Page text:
possible tactic.

Some final words about possible violence and its cost:

In 1992 and 1997, there were violent reactions to attempts to collect cigarette taxes.

Members of the Senaca Nation engaged in activities that caused serious injury, major

disruptions and threats to public safety that required deployment of substantial State

Police resources at significant cost. On both occasions the State suspended its collection

efforts. The latter episode gave rise to the policy of forbearance and subsequent

legislative efforts to proscribe less intrusive methods of enforcement as, for example, the

proscription to issue coupons allowing native members to purchase cigarettes tax free at

reservation facilities, but requiring full taxation of purchases of cigarettes by non native

members at such facilities.

Governor Paterson has been several times advised that were he to order tax

enforcement, particularly at Senaca Nation facilities, there again would be violence.

Interpolating to today’s values the actual costs incurred in 1992 and 1997, which costs

are projected to be quite similar in scope, the Governor has been advised the costs of law

enforcement would offset whatever gains might be achieved by tax collections. And that

is without trying to assess the cost of physical injury or the loss of life or possible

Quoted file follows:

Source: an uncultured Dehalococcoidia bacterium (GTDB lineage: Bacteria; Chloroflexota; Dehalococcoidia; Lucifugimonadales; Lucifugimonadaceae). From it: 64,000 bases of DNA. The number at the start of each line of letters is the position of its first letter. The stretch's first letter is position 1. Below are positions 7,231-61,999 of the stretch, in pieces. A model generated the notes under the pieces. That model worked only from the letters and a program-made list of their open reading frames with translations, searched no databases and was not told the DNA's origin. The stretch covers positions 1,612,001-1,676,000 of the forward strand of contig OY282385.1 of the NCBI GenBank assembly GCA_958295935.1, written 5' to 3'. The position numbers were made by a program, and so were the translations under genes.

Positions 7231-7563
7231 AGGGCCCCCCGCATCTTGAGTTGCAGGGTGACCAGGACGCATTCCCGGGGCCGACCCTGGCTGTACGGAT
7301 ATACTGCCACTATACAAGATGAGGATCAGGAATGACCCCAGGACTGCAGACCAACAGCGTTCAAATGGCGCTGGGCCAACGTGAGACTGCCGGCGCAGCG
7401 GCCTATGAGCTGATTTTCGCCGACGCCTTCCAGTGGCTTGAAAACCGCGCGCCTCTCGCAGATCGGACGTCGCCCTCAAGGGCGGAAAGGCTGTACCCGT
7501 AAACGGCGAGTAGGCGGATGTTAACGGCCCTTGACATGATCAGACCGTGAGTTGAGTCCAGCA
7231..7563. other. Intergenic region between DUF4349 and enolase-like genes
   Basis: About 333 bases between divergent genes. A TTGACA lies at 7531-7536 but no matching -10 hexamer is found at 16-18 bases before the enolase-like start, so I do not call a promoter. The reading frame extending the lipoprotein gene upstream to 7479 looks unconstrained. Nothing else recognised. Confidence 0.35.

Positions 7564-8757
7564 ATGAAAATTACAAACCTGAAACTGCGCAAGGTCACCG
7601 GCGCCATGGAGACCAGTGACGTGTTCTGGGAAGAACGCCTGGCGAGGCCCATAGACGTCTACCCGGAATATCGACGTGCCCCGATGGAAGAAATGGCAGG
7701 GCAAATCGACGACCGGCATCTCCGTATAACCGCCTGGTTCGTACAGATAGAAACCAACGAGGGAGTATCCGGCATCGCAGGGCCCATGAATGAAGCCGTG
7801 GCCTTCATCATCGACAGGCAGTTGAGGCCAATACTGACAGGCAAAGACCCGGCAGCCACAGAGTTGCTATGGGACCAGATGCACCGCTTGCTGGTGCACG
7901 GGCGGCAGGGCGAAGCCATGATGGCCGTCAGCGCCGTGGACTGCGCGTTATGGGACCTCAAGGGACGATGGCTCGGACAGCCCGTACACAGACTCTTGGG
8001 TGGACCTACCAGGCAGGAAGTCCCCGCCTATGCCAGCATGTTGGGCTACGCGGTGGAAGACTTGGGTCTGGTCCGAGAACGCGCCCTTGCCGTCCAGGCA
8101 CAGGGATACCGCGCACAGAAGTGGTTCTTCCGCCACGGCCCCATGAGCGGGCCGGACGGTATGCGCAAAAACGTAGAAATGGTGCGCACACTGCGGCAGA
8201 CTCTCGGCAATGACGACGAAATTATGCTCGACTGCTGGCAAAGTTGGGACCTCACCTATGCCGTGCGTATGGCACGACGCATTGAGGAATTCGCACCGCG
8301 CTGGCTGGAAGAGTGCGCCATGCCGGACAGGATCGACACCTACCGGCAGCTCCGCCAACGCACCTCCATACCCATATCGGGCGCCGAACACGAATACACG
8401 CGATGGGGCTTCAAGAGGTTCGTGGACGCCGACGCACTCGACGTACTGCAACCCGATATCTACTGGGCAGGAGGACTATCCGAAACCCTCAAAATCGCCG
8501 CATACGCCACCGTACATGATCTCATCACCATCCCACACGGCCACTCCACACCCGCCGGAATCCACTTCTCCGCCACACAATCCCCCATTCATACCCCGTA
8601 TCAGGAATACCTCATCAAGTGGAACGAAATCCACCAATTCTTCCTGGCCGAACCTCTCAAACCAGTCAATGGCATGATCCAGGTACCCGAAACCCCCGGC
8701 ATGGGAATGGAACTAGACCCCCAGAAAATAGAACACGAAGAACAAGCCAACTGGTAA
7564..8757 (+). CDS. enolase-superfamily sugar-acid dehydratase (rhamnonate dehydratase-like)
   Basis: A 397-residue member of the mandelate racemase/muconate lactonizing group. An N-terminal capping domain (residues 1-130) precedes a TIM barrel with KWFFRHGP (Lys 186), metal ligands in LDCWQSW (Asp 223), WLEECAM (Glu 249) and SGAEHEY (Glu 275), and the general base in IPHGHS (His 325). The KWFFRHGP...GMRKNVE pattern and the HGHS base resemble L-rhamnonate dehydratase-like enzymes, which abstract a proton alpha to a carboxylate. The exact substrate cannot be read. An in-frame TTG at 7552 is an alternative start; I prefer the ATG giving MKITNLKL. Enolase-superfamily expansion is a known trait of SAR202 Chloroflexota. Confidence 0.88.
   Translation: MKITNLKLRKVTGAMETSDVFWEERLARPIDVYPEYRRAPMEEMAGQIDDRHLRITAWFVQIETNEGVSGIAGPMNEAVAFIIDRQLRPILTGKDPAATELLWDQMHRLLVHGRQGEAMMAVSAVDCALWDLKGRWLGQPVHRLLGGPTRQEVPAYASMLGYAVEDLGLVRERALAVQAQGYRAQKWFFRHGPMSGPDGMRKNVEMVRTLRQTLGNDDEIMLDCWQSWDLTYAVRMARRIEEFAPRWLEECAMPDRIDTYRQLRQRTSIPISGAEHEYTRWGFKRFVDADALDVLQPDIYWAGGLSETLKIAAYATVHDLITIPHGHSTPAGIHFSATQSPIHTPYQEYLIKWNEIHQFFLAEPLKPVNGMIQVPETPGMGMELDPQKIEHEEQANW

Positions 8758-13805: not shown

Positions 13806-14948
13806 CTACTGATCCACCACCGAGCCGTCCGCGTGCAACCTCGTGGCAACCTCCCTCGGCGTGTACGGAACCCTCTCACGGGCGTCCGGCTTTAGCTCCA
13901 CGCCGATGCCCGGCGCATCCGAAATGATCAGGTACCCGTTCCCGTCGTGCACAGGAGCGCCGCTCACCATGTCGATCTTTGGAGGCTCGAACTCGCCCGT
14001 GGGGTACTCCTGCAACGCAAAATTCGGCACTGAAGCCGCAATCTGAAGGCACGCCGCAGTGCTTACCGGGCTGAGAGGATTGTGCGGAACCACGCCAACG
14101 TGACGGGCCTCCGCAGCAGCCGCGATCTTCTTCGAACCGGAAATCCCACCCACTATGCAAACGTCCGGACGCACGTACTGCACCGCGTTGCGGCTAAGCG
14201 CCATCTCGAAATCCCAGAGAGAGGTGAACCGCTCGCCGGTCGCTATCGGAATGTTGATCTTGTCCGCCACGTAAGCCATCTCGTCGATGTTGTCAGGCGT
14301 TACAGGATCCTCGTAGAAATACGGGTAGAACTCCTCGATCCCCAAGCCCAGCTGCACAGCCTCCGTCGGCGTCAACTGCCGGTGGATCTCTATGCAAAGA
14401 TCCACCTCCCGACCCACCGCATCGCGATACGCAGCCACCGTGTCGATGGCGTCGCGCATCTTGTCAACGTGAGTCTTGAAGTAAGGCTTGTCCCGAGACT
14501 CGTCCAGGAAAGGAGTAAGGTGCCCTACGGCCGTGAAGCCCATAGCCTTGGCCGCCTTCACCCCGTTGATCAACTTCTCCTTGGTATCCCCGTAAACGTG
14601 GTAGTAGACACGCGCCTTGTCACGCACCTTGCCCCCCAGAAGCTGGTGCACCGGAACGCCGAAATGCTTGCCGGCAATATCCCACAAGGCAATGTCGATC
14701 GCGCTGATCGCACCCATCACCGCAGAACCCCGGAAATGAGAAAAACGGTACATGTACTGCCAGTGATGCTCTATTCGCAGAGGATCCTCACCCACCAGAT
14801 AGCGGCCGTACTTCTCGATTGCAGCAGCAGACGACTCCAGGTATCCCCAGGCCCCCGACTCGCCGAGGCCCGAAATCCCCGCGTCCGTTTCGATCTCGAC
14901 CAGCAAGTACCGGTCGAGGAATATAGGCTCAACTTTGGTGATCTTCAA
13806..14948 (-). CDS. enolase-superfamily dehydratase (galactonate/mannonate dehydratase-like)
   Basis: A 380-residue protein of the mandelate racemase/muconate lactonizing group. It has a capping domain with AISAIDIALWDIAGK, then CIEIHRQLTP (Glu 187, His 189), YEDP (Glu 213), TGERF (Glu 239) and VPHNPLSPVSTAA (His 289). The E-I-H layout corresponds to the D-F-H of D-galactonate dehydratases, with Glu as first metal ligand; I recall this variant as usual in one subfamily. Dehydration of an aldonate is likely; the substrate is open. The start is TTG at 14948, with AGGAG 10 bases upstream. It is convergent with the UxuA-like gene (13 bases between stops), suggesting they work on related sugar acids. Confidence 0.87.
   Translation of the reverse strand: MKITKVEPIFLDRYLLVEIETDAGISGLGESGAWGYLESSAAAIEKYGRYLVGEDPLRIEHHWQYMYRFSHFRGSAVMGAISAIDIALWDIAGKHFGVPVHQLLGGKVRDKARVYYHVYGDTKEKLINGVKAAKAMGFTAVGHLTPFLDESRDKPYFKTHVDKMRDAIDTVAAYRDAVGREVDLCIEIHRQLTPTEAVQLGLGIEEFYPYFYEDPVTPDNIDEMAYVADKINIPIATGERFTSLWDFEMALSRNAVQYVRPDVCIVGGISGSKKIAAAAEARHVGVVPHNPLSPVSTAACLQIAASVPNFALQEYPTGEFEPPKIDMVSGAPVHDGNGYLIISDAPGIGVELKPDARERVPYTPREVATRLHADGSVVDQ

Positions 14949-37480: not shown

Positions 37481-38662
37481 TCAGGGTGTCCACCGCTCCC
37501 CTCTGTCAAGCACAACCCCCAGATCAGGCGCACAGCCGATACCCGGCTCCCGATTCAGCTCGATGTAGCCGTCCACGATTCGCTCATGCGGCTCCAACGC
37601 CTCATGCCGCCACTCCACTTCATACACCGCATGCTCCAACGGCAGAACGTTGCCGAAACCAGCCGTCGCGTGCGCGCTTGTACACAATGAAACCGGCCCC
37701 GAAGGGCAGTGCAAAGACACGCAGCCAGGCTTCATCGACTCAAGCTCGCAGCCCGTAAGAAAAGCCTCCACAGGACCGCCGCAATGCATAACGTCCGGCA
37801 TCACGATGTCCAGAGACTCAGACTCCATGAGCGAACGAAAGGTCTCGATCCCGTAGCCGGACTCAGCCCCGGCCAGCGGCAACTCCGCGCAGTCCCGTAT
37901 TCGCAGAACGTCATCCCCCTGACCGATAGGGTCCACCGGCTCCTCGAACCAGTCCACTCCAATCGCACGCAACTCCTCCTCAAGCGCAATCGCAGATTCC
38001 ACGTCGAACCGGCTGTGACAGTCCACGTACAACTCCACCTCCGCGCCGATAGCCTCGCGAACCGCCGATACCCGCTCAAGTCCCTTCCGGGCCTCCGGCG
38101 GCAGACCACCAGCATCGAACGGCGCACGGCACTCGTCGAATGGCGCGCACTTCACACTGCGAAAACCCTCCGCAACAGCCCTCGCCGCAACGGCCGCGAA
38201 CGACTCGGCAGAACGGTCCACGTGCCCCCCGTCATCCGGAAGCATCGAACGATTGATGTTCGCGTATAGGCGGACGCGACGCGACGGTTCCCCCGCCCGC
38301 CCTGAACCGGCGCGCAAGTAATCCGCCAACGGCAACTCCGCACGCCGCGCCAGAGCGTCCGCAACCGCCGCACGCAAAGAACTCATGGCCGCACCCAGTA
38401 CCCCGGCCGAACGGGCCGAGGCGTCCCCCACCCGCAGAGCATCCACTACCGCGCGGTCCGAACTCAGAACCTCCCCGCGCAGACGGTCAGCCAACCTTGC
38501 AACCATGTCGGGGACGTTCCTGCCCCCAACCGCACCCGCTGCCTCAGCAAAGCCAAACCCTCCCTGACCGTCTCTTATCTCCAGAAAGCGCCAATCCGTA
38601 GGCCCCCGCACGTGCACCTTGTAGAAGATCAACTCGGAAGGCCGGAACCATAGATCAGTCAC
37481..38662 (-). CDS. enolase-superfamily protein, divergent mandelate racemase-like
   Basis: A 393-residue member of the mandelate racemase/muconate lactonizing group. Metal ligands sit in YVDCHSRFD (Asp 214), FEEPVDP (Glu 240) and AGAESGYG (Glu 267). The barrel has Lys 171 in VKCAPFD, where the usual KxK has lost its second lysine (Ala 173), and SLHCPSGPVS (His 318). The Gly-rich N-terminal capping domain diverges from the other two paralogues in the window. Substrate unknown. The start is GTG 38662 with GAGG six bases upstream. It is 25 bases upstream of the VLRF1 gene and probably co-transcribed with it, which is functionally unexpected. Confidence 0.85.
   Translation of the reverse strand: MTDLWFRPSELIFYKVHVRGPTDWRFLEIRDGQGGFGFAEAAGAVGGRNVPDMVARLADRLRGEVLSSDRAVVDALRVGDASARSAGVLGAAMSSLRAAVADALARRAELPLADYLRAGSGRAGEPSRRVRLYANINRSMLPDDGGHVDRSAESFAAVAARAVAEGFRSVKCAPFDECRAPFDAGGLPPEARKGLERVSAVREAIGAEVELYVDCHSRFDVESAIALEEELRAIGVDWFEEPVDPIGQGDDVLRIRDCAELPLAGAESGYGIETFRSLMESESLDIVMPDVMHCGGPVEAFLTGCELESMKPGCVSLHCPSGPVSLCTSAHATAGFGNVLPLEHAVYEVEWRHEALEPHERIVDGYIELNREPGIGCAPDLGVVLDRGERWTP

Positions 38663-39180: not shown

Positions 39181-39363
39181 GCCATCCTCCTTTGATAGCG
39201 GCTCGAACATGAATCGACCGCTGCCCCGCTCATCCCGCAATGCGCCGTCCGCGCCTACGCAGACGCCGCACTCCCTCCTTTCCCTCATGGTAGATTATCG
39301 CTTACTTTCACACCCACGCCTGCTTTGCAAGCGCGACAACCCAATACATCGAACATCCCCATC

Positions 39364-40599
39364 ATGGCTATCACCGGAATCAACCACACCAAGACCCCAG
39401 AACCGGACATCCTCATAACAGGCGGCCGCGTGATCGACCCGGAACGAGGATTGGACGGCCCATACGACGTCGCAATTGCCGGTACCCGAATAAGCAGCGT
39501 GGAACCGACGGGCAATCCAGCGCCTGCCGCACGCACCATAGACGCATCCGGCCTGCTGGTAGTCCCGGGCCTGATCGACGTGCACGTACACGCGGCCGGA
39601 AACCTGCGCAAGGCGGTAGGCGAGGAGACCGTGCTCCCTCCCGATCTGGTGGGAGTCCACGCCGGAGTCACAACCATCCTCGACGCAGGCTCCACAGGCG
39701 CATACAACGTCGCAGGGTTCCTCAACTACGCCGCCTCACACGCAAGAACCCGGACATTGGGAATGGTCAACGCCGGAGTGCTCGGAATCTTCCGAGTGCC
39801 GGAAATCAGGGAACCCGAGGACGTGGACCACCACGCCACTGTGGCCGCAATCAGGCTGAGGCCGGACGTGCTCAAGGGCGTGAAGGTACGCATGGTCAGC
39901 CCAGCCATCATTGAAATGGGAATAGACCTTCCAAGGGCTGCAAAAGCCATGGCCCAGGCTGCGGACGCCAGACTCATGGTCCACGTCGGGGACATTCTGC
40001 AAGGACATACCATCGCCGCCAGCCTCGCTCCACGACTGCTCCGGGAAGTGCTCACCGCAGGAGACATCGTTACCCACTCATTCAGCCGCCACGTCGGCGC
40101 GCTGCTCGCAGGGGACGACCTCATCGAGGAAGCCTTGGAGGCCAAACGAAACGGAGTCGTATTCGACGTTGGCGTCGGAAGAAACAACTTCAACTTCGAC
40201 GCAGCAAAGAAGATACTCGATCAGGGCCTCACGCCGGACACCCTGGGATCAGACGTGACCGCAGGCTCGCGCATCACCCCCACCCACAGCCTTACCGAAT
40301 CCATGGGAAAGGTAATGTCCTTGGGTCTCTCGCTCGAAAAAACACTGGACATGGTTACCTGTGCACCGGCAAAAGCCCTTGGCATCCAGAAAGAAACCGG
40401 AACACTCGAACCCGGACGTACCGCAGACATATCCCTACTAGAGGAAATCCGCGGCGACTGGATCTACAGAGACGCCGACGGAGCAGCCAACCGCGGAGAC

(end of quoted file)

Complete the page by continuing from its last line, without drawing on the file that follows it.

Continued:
property damage, or the psychic harm of forgone opportunity to live in peace with those

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who are entitled to sovereignty and their interpretation of what that means. It is the

product of State Police intelligence that violence and resistance at other Indian Nations

also may occur. I also should relate that the Governor is advised that should he not relent

(and the cost of relenting may be incalculable), a police problem could quickly escalate to

a military one.

The assumptions underlying such advice are informed by intelligence gathering. But

the assumptions are untested and the intelligence is being reviewed. As part of that

review, on September 23, 2009, Governor Paterson wrote to the U.S. Attorneys for the

Western, Northern and Eastern Districts of New York, each of whom have sovereign

Indian nations who engage in cigarette sales within their jurisdictions. The Governor

asked them for their assessments of the likelihood of violence were he to commence

enforcement. He also asked them what they would intend to do to mitigate any violent

resistance they foresaw. Although I have called these U.S. Attorneys several times there

has been no formal response. On an informal basis I am advised that the Department of

Justice will defer all threat assessments and law enforcement decisions to the State

Police. That is one more reason why the decisions the Governor considers are fraught

with difficulty and uncertainty.

In due course, information may be received, negotiation advanced, and litigation

determined. And in due course, the Governor will make the decisions he must. In mid

course, though, this is the update I can present to you.